Cop beats up model Air Force captain in his own home, issues arrest weeks later

Robby Soave Reporter
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An Air Force captain discovered he was banned from Naval Post Graduate School in Monterey, California, due to pending charges against him from a previous encounter with a cop who had tried to arrest him for entering his own home.

The charges — resisting arrest and obstructing an officer — have infuriated Captain Nicolas Aquino, a first-generation immigrant whose parents came to the United States from Paraguay as political exiles.

Last December, an officer paid a visit to Aquino’s Monterey residence. Apparently, a neighbor had seen a man entering Aquino’s home, and reported a possible burglary to the authorities.

The “burglar” was Aquino himself. No one else was in the house.

The officer told Aquino that he needed to see identification, according to KSBW.

“At that moment I’m like, ‘Excuse me sir, but who are you? And why are you here?'” said Aquino in a statement.

Aquino, who is well aware of his Constitutional rights, asked the officer if he was being detained. The officer said that he was.

“And so I said, ‘OK, then my name is Nicolas Aquino. I live right here. I’m in the military,'” said Aquino.

Aquino showed the officer — a deputy with the Monterey County Sheriff’s Department — his military ID, but did not hand over the card. The officer interpreted this move as a hostile act, and proceeded to tackle Aquino, slam his head into the ground and put him in a choke hold.

The police report described the officer’s actions more favorably.

“The male then pulled his hand away from me, thereby moving the card away from my hand,” said the report. “I decided at that point I would detain him physically and place him into handcuffs.”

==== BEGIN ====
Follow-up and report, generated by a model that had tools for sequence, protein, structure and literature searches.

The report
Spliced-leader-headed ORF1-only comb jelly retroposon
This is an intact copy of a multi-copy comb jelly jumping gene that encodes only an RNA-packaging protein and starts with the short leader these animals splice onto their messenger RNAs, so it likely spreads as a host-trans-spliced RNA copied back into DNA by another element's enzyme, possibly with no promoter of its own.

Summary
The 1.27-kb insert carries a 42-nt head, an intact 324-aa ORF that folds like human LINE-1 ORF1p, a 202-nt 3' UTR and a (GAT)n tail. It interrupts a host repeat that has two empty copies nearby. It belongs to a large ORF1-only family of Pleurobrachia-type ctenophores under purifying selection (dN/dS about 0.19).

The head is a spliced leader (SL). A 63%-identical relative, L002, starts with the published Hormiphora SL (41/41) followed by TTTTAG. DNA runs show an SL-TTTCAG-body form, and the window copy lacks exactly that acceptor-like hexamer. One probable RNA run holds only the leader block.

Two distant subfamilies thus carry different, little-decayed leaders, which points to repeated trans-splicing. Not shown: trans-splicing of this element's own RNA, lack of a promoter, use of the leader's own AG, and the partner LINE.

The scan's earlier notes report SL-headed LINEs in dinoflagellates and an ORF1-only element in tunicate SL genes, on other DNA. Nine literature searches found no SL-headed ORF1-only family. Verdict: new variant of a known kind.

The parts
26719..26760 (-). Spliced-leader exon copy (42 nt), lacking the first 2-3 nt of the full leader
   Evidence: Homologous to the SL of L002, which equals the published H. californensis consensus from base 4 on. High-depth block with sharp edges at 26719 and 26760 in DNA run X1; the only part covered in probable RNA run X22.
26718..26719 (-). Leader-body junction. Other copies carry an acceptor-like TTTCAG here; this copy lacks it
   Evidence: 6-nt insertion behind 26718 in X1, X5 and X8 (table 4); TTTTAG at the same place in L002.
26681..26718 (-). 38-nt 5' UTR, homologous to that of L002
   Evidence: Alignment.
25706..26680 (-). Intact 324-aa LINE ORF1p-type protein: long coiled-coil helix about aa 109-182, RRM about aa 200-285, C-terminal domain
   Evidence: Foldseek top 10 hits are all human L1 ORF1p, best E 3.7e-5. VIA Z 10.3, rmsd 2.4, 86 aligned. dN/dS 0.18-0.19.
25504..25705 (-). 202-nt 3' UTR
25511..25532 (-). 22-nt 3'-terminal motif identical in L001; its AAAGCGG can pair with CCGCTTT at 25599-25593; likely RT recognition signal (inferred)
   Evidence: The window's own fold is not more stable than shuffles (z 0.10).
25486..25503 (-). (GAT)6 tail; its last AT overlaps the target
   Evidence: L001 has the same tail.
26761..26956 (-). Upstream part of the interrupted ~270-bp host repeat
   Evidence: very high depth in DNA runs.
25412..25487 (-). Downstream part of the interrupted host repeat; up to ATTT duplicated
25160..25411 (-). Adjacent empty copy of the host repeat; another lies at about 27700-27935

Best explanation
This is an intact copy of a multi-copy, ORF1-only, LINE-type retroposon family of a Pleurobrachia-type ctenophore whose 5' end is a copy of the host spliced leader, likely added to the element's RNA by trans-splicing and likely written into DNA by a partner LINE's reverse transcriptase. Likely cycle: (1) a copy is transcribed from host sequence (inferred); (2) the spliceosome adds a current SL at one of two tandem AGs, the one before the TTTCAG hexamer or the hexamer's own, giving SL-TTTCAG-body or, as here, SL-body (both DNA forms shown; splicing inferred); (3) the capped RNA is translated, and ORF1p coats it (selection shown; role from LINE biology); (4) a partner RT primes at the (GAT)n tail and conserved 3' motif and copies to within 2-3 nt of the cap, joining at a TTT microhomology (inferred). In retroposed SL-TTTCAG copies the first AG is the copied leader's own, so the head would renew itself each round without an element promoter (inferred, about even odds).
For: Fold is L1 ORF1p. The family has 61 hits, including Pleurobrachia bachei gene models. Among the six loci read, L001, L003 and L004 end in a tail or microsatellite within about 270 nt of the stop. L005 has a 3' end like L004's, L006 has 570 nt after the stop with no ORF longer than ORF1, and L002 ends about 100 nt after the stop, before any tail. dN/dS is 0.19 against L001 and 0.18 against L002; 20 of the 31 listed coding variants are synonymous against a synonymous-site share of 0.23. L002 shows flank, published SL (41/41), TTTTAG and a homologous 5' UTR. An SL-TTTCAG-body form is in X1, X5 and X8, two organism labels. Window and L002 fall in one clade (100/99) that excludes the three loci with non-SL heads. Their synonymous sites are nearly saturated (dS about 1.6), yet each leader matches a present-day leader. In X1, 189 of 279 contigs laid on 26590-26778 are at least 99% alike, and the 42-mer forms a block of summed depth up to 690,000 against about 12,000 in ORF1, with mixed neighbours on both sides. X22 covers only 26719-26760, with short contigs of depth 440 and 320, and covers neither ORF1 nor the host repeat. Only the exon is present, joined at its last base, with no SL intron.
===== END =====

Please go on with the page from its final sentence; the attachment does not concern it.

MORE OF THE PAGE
The report does mention, however, that the officer considered drawing his weapon on Aquino, even as he sat on top of him.

“I yelled at the male to put his hands out to his sides,” said the report. “The male never complied. He was beginning to draw them in closer to the center of his body. Afraid that the male was going to reach for a weapon, I contemplated disengaging from him, drawing my own firearm and taking aim.”

Aquino disagreed. He said that he readily complied. At no point did he have a weapon.

Eventually, Aquino proved to the officer that it was indeed his home. No arrest was made at the time.

But weeks later, authorities issued an arrest warrant and charged Aquino with resisting arrest and obstruction. He can’t continue classes until the matter is adjudicated, and his military career is also on hold.

The district attorney has refused to drop the charges.

Aquino was featured in a promotional video for the Air Force. He claimed that his parents’ persecution in Paraguay has instilled in him a profound appreciation for U.S. values. He chose to serve in the military as a way to honor American freedoms.

He could not immediately be reached for comment.

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